A brief Recap
I don’t want to ‘flog a dead horse’ here, and go back over what I have written at length about in my other blogs. However, very briefly, I swapped over to Fuji mirrorless about 5 or 6 years ago now. I have less than zero interest in shooting scenery/landscapes/macro/still life – my absolute passion, and bordering on obsession, is photographing people. I think that’s why I’m a school teacher - I just love being around other human beings. The thought of camping alone in a forest for a week to get a photo of the Red Rumped Kingfisher, or the Frosted Tit, would drive me nuts.
With my Nikon D3X system I photographed Asia for years. The full-frame system suited me perfectly. As I only ever shoot my lenses wide open (to blur the background and make my subject stand out), I revelled in the lack of depth of field and it was a veritable breeze to get my subjects with a ‘creamy’ background. All was well in my little warm fuzzy photographic world, until I started getting a sore back from lugging around huge amounts of Nikon full frame lenses and cameras that could double as self-defence weapons. After research, I started with a Fuji X100, then slowly eased into a full Fuji system, where all of my Nikon gear was finally sold off. However, little did I know I had a huge shock waiting for me!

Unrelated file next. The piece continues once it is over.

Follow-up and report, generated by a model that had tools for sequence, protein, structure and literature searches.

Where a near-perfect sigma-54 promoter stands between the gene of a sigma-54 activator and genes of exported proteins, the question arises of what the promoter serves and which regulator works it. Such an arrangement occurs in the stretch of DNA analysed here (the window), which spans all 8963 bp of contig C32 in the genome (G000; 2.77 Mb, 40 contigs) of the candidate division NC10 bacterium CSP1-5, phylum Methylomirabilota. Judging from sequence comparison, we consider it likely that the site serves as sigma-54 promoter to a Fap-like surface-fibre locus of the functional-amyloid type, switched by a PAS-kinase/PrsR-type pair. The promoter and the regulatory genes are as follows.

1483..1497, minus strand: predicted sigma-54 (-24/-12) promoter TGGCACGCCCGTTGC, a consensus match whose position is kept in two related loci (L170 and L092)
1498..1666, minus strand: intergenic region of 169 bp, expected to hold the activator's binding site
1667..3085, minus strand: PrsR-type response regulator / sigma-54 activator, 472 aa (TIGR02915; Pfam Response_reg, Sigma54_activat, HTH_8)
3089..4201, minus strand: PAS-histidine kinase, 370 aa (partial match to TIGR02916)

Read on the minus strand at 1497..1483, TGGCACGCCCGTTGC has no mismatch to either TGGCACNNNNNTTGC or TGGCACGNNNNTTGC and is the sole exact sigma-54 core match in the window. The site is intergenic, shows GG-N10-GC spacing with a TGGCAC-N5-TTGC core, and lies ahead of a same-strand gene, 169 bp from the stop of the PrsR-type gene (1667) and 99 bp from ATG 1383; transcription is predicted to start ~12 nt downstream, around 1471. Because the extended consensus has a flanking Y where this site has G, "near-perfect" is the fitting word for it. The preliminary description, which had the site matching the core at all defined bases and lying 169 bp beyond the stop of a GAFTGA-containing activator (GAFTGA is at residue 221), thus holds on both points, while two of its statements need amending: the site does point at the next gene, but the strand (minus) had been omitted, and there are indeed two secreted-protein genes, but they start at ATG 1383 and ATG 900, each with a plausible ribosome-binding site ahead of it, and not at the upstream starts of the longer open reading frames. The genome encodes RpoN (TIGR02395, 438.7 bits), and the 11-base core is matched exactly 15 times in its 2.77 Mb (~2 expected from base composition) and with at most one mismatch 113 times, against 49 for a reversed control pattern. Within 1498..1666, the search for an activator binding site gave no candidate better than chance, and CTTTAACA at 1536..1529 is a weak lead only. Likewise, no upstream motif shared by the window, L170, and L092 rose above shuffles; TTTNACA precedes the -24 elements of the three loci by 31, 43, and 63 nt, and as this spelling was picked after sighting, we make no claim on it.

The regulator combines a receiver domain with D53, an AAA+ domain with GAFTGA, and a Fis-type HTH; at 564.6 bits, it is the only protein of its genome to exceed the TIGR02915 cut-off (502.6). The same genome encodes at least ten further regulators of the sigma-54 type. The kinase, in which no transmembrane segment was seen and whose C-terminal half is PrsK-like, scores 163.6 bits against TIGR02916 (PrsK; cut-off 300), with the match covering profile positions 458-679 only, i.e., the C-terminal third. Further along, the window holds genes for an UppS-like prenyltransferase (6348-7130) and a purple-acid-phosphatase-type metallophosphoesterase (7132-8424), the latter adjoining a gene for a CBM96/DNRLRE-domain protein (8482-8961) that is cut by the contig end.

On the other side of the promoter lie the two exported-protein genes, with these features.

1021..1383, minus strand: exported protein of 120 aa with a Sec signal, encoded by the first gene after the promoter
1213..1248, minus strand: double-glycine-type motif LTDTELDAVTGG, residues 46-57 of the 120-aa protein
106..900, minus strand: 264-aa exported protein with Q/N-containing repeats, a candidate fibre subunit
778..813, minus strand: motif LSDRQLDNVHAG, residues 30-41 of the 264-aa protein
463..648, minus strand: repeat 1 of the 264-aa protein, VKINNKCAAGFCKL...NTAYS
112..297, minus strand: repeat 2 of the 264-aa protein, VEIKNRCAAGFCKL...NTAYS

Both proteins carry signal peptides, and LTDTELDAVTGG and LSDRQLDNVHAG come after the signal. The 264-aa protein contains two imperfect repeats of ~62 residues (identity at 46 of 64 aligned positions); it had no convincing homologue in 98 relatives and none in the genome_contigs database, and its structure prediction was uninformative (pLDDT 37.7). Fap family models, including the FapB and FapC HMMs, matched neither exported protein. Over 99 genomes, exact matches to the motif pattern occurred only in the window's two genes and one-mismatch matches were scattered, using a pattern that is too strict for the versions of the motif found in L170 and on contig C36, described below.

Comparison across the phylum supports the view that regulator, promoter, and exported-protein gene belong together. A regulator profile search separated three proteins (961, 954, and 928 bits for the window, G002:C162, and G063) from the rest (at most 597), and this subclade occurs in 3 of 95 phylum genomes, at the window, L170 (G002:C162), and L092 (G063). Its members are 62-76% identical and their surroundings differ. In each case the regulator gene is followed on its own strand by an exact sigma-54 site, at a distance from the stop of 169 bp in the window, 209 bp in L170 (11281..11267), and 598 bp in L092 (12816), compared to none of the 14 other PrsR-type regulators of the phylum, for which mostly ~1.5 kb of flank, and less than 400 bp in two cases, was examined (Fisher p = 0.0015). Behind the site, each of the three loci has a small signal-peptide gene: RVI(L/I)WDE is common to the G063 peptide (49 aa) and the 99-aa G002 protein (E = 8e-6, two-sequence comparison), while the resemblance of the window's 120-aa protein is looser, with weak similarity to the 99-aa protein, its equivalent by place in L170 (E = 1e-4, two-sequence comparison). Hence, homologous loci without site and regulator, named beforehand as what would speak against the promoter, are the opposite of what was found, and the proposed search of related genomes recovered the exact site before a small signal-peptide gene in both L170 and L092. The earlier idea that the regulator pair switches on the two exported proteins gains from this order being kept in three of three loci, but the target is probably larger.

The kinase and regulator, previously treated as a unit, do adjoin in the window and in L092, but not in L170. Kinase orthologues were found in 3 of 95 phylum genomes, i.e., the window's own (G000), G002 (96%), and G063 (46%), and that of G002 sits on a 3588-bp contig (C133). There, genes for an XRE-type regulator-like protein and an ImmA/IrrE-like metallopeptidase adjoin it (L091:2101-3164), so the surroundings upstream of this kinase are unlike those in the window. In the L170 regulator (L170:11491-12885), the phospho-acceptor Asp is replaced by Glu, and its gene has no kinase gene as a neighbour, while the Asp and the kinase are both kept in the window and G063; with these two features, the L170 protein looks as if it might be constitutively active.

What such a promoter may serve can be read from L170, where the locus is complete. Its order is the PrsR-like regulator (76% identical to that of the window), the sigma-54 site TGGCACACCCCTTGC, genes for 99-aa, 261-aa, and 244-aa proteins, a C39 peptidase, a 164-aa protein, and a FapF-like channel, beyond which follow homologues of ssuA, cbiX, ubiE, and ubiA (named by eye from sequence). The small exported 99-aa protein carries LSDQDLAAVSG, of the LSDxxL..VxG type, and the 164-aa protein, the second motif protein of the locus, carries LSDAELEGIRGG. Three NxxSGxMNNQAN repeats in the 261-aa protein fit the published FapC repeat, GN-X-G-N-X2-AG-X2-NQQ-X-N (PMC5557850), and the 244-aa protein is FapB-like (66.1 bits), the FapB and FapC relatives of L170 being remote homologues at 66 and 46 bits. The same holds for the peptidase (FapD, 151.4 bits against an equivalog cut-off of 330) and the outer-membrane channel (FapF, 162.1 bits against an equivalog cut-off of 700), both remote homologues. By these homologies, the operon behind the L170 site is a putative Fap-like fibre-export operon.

Temple Beauty - Early morning worshipper, Thien Hau Temple, District 5, HCMC, Vietnam, 2020. Fuji X-H1, Fuji XF 90mm @ F2.
A major crop sensor flaw!